The bolus moves down towards the esophagus by pharyngeal peristalsis which takes place by sequential contraction of the superior, middle and inferior pharyngeal constrictor muscles (pharyngeal plexus—IX, X).
After food is chewed into a bolus, it is swallowed and moved through the esophagus.

Oropharyngeal dysphagia

oropharyngealswallowing disorders
Abnormalities of the pharynx and/or oral cavity may lead to oropharyngeal dysphagia.

Suprahyoid muscles

suprahyoid
The pharynx is pulled upwards and forwards by the suprahyoid and longitudinal pharyngeal muscles – stylopharyngeus (IX), salpingopharyngeus (pharyngeal plexus—IX, X) and palatopharyngeus (pharyngeal plexus—IX, X) to receive the bolus.
These four muscles have different actions, but in general assist in elevating the hyoid bone and widening the esophagus during swallowing.

Speech-language pathology

speech therapyspeech pathologyspeech therapist
However, from the viewpoints of physiology, of speech-language pathology, and of health care for people with difficulty in swallowing (dysphagia), it is an interesting topic with extensive scientific literature.

Inferior pharyngeal constrictor muscle

inferior pharyngeal constrictorcricopharyngeal musclecricopharyngeus muscle
The lower part of the inferior constrictor (cricopharyngeus) is normally closed and only opens for the advancing bolus.
Motor incoordination of the cricopharyngeus can cause difficulty swallowing.

Mouth

oral cavityoralorally
Swallowing, sometimes called deglutition in scientific contexts, is the process in the human or animal body that allows for a substance to pass from the mouth, to the pharynx, and into the esophagus, while shutting the epiglottis.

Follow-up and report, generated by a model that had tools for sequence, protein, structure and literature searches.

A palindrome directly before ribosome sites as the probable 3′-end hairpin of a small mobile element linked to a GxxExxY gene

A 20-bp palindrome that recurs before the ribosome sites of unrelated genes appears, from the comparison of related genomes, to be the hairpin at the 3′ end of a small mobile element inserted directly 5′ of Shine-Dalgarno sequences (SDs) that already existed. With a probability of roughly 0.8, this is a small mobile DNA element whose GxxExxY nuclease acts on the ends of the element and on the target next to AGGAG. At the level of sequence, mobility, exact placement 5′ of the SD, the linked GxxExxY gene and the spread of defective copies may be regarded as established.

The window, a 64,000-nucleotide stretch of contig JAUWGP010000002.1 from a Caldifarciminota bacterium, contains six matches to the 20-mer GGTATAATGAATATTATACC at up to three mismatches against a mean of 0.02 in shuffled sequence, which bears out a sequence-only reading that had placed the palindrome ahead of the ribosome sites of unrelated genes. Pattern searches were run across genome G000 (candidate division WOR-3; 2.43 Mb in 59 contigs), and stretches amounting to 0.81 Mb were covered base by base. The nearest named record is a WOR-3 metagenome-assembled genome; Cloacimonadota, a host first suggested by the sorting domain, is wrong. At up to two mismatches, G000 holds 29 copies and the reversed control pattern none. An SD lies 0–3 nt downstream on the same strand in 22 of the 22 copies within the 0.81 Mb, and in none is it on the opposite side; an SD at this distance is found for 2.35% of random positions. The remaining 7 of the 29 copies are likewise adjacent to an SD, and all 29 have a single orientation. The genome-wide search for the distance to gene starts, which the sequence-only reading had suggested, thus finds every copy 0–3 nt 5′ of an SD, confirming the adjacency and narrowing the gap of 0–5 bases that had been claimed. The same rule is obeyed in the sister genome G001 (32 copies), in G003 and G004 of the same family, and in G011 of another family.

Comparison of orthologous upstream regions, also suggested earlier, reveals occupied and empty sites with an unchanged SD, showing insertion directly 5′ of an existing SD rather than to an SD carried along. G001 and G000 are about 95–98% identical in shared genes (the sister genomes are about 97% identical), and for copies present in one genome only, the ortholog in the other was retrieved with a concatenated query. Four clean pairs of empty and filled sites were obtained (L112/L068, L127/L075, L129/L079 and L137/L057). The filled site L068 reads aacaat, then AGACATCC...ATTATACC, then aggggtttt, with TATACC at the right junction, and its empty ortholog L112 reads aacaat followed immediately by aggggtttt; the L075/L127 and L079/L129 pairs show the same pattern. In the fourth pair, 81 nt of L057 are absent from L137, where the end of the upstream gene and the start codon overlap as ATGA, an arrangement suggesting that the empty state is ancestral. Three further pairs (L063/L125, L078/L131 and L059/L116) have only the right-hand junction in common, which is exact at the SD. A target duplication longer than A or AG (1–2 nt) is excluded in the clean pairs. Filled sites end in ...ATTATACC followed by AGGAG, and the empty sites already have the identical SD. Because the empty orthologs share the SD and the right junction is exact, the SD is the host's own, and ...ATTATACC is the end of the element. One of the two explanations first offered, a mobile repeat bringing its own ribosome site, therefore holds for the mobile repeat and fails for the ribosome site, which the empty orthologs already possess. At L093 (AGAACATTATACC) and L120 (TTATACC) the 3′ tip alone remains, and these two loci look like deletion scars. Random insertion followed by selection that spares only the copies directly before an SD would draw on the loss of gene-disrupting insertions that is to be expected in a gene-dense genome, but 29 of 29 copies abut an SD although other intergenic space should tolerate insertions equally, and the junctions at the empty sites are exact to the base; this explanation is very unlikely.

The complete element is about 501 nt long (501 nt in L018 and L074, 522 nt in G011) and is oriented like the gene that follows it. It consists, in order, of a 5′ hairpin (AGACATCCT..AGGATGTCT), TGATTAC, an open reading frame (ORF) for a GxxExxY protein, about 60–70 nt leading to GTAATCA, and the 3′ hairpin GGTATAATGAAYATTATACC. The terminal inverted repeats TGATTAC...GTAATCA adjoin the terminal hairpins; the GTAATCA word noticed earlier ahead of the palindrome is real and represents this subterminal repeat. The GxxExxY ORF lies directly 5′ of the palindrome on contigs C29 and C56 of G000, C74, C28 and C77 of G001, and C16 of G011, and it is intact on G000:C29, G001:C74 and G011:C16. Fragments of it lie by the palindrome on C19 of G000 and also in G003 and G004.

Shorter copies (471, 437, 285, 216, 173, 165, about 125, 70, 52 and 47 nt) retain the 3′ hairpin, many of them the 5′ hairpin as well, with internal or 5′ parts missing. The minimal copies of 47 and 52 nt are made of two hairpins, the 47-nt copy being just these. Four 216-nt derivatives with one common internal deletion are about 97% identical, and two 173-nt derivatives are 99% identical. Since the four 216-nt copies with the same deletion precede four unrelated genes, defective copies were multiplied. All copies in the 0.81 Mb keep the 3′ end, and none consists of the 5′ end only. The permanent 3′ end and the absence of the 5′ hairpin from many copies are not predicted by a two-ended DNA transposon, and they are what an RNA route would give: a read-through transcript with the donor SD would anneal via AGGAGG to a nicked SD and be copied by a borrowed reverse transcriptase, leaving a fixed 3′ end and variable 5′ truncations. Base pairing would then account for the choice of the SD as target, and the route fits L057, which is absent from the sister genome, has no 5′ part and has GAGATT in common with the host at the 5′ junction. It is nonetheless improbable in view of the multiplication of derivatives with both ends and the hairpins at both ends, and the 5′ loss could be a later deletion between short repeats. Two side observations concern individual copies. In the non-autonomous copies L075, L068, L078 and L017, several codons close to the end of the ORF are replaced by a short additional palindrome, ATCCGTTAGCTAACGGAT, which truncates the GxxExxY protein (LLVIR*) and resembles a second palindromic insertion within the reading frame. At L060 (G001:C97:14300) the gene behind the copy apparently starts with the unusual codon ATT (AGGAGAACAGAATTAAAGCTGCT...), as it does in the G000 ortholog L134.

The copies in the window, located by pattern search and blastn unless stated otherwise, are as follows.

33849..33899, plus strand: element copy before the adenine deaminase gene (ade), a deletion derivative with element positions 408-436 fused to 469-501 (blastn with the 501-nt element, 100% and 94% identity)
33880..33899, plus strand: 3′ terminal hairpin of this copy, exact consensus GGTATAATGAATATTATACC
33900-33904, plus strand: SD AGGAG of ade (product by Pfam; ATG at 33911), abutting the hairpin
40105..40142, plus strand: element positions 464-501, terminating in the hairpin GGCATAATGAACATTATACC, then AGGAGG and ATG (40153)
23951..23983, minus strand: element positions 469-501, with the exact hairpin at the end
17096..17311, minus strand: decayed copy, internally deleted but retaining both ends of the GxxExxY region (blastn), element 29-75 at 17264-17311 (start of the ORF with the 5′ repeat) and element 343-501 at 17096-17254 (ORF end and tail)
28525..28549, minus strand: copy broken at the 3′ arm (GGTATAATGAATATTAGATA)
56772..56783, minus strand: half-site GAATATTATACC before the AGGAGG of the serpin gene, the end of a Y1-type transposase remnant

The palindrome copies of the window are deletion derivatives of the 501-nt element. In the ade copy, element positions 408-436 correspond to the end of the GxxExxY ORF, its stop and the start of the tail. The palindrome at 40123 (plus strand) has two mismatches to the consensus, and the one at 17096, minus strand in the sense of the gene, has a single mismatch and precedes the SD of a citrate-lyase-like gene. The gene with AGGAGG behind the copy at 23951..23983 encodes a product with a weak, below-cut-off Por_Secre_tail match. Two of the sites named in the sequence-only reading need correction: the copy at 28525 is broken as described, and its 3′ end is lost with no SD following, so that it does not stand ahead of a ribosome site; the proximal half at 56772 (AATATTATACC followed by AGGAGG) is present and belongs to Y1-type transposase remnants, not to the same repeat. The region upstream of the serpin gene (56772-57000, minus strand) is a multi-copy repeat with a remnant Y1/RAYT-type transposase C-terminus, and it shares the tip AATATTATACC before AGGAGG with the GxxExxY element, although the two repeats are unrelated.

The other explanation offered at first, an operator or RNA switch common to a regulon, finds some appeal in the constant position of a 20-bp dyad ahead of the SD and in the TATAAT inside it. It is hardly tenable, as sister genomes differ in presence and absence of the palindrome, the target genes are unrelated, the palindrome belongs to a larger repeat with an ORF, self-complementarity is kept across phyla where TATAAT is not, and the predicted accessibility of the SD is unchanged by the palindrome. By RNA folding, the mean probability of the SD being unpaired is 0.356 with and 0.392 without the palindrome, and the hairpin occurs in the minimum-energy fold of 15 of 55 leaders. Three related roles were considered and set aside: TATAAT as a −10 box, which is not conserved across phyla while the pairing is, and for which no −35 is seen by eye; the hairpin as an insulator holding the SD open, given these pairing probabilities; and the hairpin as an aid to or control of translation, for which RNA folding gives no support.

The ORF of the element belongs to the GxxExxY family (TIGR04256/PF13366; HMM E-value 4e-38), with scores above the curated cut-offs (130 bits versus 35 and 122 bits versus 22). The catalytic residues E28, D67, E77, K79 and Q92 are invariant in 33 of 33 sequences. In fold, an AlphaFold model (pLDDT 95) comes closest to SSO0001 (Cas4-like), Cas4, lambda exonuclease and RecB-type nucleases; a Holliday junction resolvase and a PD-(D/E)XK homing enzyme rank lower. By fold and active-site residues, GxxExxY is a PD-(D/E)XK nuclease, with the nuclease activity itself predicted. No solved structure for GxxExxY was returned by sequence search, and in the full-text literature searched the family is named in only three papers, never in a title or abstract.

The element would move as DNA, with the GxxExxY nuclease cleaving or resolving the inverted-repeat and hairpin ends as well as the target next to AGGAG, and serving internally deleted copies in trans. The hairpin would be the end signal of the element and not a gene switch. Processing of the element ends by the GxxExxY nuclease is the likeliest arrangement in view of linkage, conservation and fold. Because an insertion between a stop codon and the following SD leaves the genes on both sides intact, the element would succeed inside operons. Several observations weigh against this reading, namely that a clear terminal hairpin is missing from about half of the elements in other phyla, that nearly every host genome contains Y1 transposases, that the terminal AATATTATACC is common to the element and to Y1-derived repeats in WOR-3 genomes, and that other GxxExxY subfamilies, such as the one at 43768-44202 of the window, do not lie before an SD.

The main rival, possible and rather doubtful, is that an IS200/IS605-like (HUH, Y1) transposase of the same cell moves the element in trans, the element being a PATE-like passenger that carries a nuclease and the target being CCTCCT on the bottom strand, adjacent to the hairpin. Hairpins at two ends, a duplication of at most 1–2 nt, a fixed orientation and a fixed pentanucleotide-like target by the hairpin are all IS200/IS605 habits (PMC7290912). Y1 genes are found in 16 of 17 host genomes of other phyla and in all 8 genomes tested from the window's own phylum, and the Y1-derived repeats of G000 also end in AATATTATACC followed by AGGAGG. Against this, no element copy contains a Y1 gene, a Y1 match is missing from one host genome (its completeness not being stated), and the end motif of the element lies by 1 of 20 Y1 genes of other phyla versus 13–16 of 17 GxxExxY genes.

Trachea

windpipetrachealtracheae
If the process fails and the material (such as food, drink, or medicine) goes through the trachea, then choking or pulmonary aspiration can occur.

Choking

chokedHeimlich Maneuverchoke
If the process fails and the material (such as food, drink, or medicine) goes through the trachea, then choking or pulmonary aspiration can occur.

Reflex

reflexesreflex actioninvoluntary action
In the human body the automatic temporary closing of the epiglottis is controlled by the swallowing reflex.

Physiology

physiologistphysiologicalphysiologically
However, from the viewpoints of physiology, of speech-language pathology, and of health care for people with difficulty in swallowing (dysphagia), it is an interesting topic with extensive scientific literature.

Health care

healthcarehealth servicesmedical care
However, from the viewpoints of physiology, of speech-language pathology, and of health care for people with difficulty in swallowing (dysphagia), it is an interesting topic with extensive scientific literature.